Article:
Re: Whither book "Developing Windows Error Messages"

Subject: Re: Whither book "Developing Windows Error Messages"
From: "E. Gail Miedema" <egail -at- TELEPORT -dot- COM>
Date: Tue, 22 Dec 1998 17:08:13 -0800

As I see it, the publisher of this book has targeted the audience
correctly. Programmers do write the error messages in most cases, at least
the first draft of them. I see nothing wrong with developing a tool that
can be used by programmers to help them write messages that are coherent
and useful to the user.

E. Gail Miedema
Meridian Partners, Ltd.
On assignment at Microsoft

On Tue, 22 Dec 1998, Chuck Martin wrote:

> Fellow TECHWR-Lers,
> I just ran across this book ("Developing Windows Error Messages,"
> O'Reilly, ISBN 1565923561) and my jaw simply dropped in amazement. And
> not because I was pleased to see it. provides this as a book
> synopsis:
> "This book teaches C++ and Visual Basic programmers how to write
> effective error messages that notify the user of an error, clearly
> explain the error, and, most importantly, offer a solution to the error.
> The enclosed disk contains software that presents all error messages in
> a standard format as well as responses for different levels of errors."
> I have several issues with this, without even reading the book--and I'm
> not sure I even want to now.
> First, it's claimed target audience is programmers. Why, oh why, do the
> authors and publishers want to perpetuate the myth that programmers
> should be the ones to write error messages? While it would be nice for
> programmers to learn to communicate effectively with a non-technical
> audience, isn't that what we, as technical communicators, are trained to
> do?
> Second (and this is a more root issue), I'm a firm believer that error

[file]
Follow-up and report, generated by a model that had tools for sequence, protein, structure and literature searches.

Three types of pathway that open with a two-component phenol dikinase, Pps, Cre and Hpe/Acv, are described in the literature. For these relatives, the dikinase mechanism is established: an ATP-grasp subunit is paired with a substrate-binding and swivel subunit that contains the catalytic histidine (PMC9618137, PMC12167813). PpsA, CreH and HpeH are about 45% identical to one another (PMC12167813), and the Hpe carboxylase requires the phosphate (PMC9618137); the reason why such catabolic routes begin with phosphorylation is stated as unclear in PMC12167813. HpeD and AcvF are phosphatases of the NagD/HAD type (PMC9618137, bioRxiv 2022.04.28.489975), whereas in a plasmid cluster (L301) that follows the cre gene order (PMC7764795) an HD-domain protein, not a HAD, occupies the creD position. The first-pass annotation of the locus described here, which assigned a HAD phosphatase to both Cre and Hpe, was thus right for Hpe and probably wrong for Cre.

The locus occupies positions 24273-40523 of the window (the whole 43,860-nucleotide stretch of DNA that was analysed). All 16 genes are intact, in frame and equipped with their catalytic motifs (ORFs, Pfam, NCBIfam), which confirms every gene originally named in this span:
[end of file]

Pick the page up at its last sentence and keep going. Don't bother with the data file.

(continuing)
> messages are bad. Bad, bad, bad. My classic example of this is on page
> 428 of the book "About Face: The Essentials of User Interface Design"
> (by Alan Cooper, ISBN 1568843224). The illustration is of an error
> message that describes what error messages feel like to users. The text
> reads "It's obvious from your actions that you don't know jack squat
> about computers or software," and the 3 button labels read "I am not
> worthy," "Please kill me now," and "I should go back to pencil and
> paper." I agree with Cooper when he says that good software design will
> alleviate the need for nearly every possible error message. The
> existence of this new book gives an implied green light for programmers
> to continue to design bad software as long as the error messages are
> clear.
> I have been in situations (unfortunately, not my current one) where I
> have been actively involved in the design of the software interface, and
> one of my goals was not only to make the interface understandable, but
> to advocate design that would avoid error messages by not allowing the
> users to take actions that would result in errors.
> While I can see that the intentions of this book are good, I think it's
> ultimately a step backwards, both in terms of advancing software design
> principles and of technical communicators having a voice and a role in
> the software development process.
> --
> Chuck Martin
> Principal Technical Writer, Oracle Developer
> Tools Division, Oracle Corporation
> cwmartin"at"
> From ??? -at- ??? Sun Jan 00 00:00:00 0000==

E. Gail Miedema
13619 Mukilteo Speedway, D-5 #417
Lynnwood, WA 98037-1606

From ??? -at- ??? Sun Jan 00 00:00:00 0000=

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